You know that popular saying, "Everything old is new, again?" Television has become the very definition of that saying, what with shows like Once Upon a Time and Grimm picking apart fairy tales and the modernized Hawaii Five-0 still going strong. And with countless spin-offs of various crime-scene shows now the norm, nothing is truly new. Everything is just the reimagining of something we've already seen.
That's also true for NBC's Halloween special, Mockingbird Lane. The station has taken the charming family classic The Munsters and turned it on its ear, with the help of Bryan Fuller (Pushing Daisies, Dead Like Me). As reimaginings go, this one takes things to a whole new level.
The Munsters was always a little quirky. The original show was filled with 1960s kitsch and cuteness. The monstrous family, who thought of themselves as just average Americans, were always unwittingly scaring the heck out of nosy neighbors or being outed as a result of silly mistakes. Sometimes, they even had spats amongst themselves, but at the end of each episode, it was always abundantly clear that what mattered most to each of the Munsters was the happiness and well-being of their family.
Fifty-odd years later, along comes Bryan Fuller and his vision of the Munsters on Mockingbird Lane. Of course, the biggest difference between the original and the special is that things are in color. As with all modern television, things will also be a little more sexy. First, the preview shows a lot more skin than was ever acceptable in the '60s. Grandpa (Eddie Izzard)'s dry humor also gets a bit of a punch. Then, of course, there's Herman (Jerry O'Connell). In today's society, no self-respecting Frankenstien would ever be caught dead with bolts in his neck! This Herman Munster is much more aesthetically pleasing.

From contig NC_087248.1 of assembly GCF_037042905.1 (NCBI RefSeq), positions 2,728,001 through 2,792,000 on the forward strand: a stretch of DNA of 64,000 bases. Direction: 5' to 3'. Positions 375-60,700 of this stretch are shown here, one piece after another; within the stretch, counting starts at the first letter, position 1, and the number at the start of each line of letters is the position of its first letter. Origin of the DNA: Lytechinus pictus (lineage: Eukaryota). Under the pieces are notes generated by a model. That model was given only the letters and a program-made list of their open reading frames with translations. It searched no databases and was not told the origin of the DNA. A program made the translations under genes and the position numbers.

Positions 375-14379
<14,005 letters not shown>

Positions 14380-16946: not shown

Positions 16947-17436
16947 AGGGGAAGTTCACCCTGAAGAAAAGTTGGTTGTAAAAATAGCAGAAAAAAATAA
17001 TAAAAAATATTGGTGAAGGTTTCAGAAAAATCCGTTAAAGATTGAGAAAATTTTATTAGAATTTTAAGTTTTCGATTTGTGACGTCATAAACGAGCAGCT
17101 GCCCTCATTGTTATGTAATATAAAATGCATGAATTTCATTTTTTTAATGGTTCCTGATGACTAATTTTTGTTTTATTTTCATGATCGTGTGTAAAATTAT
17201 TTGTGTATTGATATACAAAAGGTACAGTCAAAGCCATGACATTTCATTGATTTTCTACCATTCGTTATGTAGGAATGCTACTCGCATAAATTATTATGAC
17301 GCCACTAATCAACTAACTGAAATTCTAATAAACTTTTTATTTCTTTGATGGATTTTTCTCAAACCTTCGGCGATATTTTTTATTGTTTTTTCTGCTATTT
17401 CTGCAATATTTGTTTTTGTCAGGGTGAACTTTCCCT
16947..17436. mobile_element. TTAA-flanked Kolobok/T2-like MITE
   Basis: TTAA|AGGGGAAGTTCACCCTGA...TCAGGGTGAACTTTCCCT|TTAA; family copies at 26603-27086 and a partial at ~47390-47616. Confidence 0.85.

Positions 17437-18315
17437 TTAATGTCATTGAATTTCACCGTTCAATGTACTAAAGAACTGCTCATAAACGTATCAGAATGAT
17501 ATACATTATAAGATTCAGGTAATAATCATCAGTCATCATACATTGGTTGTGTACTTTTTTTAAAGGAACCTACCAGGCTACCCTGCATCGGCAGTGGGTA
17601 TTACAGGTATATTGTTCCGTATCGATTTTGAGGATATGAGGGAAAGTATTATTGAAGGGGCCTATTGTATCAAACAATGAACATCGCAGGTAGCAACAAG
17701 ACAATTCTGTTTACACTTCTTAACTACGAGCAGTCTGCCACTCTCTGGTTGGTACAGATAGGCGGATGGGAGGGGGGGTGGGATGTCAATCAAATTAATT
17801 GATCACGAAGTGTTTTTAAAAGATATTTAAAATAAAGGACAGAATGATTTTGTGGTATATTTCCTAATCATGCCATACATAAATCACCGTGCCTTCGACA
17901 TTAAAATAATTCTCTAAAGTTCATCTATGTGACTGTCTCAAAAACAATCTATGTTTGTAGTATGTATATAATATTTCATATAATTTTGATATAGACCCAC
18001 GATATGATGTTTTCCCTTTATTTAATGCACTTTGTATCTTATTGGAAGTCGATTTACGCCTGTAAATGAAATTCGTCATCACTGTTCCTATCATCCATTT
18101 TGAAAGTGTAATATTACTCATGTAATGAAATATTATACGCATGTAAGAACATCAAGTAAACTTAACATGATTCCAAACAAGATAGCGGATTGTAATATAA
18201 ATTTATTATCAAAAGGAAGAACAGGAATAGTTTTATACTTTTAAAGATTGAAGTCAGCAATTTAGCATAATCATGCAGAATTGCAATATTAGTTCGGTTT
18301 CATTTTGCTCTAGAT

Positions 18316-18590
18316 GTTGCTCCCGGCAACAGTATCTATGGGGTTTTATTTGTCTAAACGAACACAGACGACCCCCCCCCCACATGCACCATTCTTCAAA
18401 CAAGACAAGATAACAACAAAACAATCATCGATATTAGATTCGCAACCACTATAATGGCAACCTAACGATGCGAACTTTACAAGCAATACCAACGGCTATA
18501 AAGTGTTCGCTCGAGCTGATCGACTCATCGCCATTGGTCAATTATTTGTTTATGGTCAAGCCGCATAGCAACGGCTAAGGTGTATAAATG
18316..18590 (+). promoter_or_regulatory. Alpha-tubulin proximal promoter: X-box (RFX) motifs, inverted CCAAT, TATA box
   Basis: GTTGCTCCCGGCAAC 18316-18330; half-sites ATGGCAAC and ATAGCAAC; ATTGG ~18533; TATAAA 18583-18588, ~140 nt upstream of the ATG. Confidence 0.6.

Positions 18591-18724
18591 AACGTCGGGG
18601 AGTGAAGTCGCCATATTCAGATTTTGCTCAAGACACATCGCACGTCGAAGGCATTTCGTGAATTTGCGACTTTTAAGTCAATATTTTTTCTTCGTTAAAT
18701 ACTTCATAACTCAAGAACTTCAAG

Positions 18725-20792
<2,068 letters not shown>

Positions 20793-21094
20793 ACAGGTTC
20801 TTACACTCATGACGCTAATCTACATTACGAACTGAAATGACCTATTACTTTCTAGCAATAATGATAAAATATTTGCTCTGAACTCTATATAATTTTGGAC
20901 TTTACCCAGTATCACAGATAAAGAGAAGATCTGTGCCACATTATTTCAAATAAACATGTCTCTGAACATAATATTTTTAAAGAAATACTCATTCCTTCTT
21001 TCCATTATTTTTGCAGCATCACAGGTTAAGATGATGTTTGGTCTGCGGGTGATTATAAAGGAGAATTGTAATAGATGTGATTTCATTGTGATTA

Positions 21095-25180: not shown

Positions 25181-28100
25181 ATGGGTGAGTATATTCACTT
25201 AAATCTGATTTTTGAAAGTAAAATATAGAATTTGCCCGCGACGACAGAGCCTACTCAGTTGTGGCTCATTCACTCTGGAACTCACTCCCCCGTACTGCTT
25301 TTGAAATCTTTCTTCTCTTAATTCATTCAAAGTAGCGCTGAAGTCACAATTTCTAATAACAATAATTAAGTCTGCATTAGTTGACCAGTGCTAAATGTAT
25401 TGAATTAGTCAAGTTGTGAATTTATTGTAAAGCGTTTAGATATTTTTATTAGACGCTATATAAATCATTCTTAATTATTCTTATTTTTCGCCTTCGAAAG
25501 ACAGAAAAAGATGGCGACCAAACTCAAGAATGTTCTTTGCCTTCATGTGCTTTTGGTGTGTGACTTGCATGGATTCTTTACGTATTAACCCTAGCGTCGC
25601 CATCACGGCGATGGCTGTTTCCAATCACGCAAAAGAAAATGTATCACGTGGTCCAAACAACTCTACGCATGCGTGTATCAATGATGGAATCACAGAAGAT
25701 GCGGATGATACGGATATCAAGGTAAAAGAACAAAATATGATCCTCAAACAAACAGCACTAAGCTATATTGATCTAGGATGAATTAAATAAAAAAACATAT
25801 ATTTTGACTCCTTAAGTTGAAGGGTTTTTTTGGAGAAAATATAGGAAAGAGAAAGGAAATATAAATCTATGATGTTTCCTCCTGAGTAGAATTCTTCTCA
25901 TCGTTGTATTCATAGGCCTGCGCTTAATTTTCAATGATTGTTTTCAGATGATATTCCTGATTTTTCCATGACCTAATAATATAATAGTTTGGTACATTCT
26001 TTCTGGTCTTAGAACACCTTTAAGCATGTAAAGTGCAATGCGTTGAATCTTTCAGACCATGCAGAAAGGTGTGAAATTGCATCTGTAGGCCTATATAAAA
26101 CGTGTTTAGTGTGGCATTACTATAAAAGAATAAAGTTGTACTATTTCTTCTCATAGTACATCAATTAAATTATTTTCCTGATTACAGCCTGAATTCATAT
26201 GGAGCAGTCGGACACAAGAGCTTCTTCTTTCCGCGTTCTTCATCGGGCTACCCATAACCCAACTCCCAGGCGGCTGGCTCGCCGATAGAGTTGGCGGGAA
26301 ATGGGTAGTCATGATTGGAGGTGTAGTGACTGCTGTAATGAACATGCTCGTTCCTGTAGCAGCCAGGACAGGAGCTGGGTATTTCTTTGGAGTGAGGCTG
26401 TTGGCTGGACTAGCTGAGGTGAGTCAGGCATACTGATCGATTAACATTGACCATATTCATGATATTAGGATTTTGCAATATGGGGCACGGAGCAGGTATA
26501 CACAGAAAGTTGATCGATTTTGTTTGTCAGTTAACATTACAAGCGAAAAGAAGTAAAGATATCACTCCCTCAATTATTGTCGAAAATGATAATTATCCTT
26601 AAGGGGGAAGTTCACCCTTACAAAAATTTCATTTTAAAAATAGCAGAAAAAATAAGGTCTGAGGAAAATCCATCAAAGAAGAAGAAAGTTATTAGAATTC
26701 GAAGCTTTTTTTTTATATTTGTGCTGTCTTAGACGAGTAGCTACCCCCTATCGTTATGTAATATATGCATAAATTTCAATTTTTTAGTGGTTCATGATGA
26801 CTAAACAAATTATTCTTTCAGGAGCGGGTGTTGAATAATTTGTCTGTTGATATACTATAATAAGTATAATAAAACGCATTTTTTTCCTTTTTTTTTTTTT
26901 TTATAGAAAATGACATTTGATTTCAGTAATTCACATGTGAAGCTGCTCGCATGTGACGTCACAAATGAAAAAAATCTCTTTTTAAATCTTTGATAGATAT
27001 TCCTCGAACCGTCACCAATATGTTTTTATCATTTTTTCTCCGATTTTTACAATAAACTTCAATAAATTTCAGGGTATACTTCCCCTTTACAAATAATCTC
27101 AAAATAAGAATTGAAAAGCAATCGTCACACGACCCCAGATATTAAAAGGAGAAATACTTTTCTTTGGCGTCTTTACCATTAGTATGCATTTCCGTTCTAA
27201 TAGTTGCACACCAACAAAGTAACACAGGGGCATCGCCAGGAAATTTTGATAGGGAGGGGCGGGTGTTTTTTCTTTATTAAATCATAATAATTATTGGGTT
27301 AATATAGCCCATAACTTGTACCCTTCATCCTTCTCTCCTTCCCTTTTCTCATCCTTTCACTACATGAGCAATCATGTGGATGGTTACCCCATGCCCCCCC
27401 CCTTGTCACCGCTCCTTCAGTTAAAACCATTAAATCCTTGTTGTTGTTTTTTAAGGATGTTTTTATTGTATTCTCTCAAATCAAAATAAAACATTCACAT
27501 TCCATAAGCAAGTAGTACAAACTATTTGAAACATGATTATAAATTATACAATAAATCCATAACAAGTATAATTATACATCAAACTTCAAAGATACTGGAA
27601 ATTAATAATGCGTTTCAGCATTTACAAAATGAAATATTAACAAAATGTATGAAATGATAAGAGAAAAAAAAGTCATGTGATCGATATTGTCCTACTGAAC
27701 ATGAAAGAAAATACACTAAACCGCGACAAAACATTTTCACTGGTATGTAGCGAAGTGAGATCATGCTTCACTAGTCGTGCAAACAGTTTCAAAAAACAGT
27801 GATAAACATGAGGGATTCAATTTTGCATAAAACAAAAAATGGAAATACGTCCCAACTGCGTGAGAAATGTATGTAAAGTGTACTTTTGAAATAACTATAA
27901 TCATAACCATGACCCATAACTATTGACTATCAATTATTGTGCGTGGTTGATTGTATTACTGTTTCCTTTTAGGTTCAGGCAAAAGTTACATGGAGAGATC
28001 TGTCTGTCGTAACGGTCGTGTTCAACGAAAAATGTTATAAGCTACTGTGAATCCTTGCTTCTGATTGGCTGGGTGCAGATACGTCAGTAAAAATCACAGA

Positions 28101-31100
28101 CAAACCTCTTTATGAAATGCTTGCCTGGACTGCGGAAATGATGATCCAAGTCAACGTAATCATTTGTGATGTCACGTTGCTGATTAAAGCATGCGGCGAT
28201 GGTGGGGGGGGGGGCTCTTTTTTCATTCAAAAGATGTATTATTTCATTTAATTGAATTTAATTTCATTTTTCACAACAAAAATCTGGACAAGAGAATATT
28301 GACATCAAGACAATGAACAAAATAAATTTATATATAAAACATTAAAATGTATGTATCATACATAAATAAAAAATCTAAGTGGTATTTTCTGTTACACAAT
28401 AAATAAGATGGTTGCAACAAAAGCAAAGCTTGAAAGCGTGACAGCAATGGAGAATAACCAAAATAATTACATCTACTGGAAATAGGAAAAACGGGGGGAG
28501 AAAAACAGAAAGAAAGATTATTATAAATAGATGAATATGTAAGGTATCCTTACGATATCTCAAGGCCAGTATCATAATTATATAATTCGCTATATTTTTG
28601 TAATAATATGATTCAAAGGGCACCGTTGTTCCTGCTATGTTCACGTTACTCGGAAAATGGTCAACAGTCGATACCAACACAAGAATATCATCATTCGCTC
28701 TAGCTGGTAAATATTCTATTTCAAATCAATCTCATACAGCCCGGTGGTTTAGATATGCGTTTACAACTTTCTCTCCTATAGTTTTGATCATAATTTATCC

Young son Eddie is also around and getting into accidental trouble, again. In Fuller's storyline, Eddie doesn't know he's a werewolf. The lack of acceptance he receives from friends in his Boy Scout troops (plural — he has to keep changing) is disheartening. Neither of his parents have the nerve to break it to their sensitive son that he's nowhere near normal.
Mockingbird Lane is advertised as a Halloween special, but that could change. The actors are all currently under contract with NBC. If the show does well enough, the network may order more episodes. Make sure to check out the "special" to find out if you think it's worth a whole season.
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